Like: Used to express preferences.

Example: “I like ice cream.”

Dislike: Used to express not liking something.

Example: “He dislikes rainy days.”

Want: Used to express desires.

Example: “They want to watch a movie.”

Need: Used to express necessities.

Example: “I need a pen.”

Know: Used to indicate knowledge.

Example: “Do you know the answer?”

Understand: Used to indicate comprehension.

Example: “I don’t understand this question.”

Listen: Used for paying attention to sounds.

Example: “Listen to the music.”

Speak: Used for verbal communication.

Example: “She speaks three languages.”

Read: Used for understanding written text.

Example: “I enjoy reading books.”

Write: Used for creating written content.

Example: “He writes in his journal.”

Watch: Used for observing visual content.

Example: “We watch movies on weekends.”

Play: Used for engaging in activities for enjoyment.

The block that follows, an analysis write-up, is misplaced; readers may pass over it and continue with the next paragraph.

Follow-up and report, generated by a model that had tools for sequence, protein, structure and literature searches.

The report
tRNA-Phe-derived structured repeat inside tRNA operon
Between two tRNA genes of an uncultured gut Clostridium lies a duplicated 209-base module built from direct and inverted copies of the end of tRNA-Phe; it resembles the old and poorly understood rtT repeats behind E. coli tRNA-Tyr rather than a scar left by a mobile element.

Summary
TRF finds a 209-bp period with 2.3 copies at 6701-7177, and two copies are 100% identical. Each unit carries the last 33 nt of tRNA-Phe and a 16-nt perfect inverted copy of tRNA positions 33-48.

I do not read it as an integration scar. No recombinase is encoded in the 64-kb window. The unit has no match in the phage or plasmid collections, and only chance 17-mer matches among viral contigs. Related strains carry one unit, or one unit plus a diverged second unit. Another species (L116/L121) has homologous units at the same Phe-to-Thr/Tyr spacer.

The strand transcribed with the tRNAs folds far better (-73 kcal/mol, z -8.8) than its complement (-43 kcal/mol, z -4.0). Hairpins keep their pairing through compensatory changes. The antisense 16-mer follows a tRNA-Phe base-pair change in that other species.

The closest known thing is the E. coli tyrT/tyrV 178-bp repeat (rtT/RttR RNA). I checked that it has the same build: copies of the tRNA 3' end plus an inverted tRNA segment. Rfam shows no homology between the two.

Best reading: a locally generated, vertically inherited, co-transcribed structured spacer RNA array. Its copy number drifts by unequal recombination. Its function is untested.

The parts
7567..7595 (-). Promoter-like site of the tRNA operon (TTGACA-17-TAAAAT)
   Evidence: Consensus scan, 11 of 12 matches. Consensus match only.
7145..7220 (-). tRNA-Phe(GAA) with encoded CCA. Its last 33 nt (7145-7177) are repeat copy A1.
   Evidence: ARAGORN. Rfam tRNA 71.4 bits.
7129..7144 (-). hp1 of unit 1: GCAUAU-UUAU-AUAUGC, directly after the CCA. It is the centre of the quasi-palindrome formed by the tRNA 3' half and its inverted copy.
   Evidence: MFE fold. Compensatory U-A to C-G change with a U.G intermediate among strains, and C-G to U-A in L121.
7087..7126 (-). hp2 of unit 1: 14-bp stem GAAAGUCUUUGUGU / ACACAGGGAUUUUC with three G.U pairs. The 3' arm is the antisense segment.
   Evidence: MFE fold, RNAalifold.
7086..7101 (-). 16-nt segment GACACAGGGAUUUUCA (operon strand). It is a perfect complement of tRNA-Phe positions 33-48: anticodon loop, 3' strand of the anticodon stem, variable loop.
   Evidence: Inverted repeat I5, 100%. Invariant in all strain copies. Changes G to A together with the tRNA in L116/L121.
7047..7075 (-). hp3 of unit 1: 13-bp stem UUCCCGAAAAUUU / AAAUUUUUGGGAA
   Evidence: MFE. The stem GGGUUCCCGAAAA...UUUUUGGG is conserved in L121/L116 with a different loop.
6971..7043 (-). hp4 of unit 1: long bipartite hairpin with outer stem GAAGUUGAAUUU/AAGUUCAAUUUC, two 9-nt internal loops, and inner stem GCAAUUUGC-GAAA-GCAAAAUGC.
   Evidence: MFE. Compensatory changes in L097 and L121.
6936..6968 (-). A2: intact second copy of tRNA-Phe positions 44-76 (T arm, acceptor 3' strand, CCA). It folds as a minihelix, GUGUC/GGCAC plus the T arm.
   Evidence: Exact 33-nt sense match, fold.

Example: “They play soccer in the park.”

Work: Used for employment or effort.

Example: “I work at a bookstore.”

Study: Used for learning or acquiring knowledge.

Example: “She studies maths.”

Live: Used to indicate residence.

Example: “They live in a big house.”

Stay: Used for temporary residence.

Example: “I stay at a hotel.”

Meet: Used for encountering someone.

Example: “Let’s meet at the café.”

Help: Used for assisting others.

Example: “Can you help me with this?”

Ask: Used for inquiring about something.

Example: “I will ask him about the party.”

Answer: Used for responding to a question.

Example: “He answered all the questions.”

Tell: Used for conveying information.

Example: “She tells interesting stories.”

Show: Used for presenting something.

Example: “Please show me your painting.”

Give: Used for providing or offering something.

Example: “I will give you a gift.”

Take: Used for obtaining or accepting something.

Example: “Can you take a photo?”

Buy: Used for purchasing items.

Example: “I want to buy a new phone.”

Sell: Used for offering items for purchase.

Example: “He sells handmade crafts.”

Open: Used for uncovering or making accessible.

Example: “Open the door, please.”

Close: Used for covering or making inaccessible.

Example: “Close the window, it’s cold.”

Big: Used for describing size.

Example: “They live in a big house.”

Small: Used for describing size.